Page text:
Ultra-EtchTM etchant combines a lot of advantages

Finally, we were able to meet the requirements and also avoid overetching. Ultra-Etch etchant is a 35% phosphoric acid gel, whereby the finest silicon dioxide particles set the consistency. It should be viscous enough to provide sufficient stability, but it should not flow away, even on vertical surfaces. Another positive effect is the self-limitation on the dentin, where it works only to a depth of about 1.9 microns to open dentin tubules and expose collagen fibers; even if the recommended etching time of 15 seconds is exceeded. Up to this depth, a hydrophilic bonding resin can penetrate the prepared tooth structure well and thus create an optimal bonding situation. Other etching agents in comparable concentrations will etch up to six times this depth! This can cause so-called etching gaps which can result in weak bonding strengths and sensitivity. Using Ultra-Etch etchant, these issues can be avoided successfully.

Ultra-Etch_syr_02

Ultra-Etch etchant in a syringe, here with a Blue MicroTM Tip. The ideal application form.

 

Application: Syringes with special cannulas

You might know how much I appreciate syringe application, especially when working with Ultra-Etch etchant. Using a Blue MicroTM Tip (cannula diameter only 0.5 mm), I can apply the material precisely and with control—both on small surfaces and on very fine lines. For larger surfaces or fissures I prefer the InspiralTM Brush Tip. This tip reduces the viscosity of the gel so it can be dispensed easily and penetrate into narrow fissures. In addition, Ultra-Etch etchant contains a tiny amount of wetting agent, which facilitates the coverage of the surface and complete rinsing of the etchant after the treatment.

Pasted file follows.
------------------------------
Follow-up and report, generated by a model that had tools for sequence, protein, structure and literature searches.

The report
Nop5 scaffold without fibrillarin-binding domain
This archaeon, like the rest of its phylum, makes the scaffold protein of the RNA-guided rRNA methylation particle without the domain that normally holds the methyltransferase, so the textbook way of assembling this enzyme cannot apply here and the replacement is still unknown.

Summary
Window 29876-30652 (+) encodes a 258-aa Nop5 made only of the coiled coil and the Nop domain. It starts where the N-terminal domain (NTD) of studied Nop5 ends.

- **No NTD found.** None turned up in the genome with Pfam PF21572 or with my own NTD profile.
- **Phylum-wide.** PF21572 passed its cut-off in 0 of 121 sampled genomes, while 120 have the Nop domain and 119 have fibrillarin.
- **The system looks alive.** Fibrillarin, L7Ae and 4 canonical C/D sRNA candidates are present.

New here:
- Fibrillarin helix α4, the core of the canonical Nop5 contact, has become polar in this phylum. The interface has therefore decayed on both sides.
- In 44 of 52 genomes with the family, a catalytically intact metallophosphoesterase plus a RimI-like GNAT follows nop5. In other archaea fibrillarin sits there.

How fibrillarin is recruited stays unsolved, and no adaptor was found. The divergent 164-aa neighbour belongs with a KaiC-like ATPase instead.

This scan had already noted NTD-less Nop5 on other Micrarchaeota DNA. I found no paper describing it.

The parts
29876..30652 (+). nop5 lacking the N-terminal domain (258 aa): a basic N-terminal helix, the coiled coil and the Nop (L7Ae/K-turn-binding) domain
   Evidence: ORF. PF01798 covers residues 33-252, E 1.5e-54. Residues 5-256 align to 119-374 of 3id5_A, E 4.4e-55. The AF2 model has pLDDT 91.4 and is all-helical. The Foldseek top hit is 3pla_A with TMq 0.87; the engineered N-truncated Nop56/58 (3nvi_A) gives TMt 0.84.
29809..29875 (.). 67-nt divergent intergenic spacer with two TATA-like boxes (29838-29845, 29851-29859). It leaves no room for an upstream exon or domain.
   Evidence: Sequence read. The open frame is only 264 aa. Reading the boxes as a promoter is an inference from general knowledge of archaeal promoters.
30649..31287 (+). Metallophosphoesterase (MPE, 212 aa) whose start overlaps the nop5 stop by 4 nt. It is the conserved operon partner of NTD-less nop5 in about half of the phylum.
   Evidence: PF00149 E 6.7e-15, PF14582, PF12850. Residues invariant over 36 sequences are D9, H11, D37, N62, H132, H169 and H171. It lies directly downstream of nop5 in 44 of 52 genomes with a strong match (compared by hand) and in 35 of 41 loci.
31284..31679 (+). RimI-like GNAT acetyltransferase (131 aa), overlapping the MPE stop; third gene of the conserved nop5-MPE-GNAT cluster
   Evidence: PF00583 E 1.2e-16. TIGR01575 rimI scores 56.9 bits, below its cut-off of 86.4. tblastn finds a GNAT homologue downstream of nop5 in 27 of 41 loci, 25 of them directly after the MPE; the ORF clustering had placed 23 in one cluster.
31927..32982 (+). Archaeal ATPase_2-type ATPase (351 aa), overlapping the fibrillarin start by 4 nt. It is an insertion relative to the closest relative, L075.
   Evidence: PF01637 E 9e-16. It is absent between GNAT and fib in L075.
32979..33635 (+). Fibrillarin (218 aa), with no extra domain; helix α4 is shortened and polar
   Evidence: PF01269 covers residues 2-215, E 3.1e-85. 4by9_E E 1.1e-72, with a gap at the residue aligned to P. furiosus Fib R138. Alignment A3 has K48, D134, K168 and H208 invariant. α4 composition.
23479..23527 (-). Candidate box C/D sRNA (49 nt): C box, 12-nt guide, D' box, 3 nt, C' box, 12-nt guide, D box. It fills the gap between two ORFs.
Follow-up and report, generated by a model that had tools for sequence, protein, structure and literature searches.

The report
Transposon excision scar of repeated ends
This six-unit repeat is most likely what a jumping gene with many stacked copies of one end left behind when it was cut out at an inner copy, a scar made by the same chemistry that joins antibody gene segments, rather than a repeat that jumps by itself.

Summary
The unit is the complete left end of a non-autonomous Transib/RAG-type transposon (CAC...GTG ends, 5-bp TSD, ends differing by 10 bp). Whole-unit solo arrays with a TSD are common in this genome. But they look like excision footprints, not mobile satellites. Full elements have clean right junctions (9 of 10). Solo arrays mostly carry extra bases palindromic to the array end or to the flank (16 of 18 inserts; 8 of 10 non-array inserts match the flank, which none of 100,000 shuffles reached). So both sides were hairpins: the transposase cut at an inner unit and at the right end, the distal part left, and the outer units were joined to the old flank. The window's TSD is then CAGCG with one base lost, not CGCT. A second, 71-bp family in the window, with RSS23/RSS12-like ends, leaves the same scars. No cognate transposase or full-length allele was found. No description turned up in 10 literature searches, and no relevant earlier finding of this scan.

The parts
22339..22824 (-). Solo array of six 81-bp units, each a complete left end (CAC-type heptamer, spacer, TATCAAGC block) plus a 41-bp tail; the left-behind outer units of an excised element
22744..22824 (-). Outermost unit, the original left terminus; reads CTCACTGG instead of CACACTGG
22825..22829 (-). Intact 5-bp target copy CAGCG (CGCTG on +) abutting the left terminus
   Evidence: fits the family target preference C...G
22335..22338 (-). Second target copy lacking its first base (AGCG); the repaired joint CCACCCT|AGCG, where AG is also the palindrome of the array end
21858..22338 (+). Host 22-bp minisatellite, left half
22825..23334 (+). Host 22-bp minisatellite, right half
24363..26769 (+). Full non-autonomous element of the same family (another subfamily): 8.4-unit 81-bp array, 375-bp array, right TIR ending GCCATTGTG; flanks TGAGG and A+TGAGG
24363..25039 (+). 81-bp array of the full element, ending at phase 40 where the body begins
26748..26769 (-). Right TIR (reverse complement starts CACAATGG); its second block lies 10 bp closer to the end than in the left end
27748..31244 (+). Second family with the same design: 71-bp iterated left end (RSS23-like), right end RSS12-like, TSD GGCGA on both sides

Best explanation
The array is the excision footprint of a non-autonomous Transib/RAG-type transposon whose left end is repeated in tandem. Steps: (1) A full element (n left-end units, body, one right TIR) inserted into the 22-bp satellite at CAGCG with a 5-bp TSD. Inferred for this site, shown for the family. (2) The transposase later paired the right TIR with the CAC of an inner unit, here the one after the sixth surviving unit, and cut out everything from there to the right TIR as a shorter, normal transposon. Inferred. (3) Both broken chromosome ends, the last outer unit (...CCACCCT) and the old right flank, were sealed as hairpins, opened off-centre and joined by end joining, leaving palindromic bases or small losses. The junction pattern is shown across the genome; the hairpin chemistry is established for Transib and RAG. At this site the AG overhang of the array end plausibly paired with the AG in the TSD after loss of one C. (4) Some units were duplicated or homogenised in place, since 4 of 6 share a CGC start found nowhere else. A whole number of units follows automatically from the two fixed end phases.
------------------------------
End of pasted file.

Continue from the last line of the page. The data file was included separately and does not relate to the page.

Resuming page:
inspiral brush tip_08The Inspiral Brush Tip is ideal for the application of Ultra-Etch etchant on larger surfaces and in fissures.

 

Try it out!

If you work with the total-etch technique, and many dentists do, you should definitely try Ultra-Etch etchant. The consistency, the blue color, the handy syringe, the ideally assorted tips, and the residue-free rinsing are advantages that will quickly be convincing. But don’t forget an important hidden advantage—the self-limitation on the dentin, which ensures optimal bonding results.

I am always pleased to hear from other dentists that they literally cannot live without this material.

 

Best regards,

Signature_Dr. Fischer.jpg

Dan Fischer

 


 

About Dr. Fischer

Dr. Dan Fischer is the founder and CEO of Ultradent Products, Inc., a leading dental manufacturer of high-tech dental materials, devices, and instruments with a 40-year history of innovation and quality. Its products are used worldwide by dentists, orthodontists, group practices, dental labs, government agencies, and universities. Ultradent Products’ vision is to improve oral health globally. For more information visit ultradent.com/eu.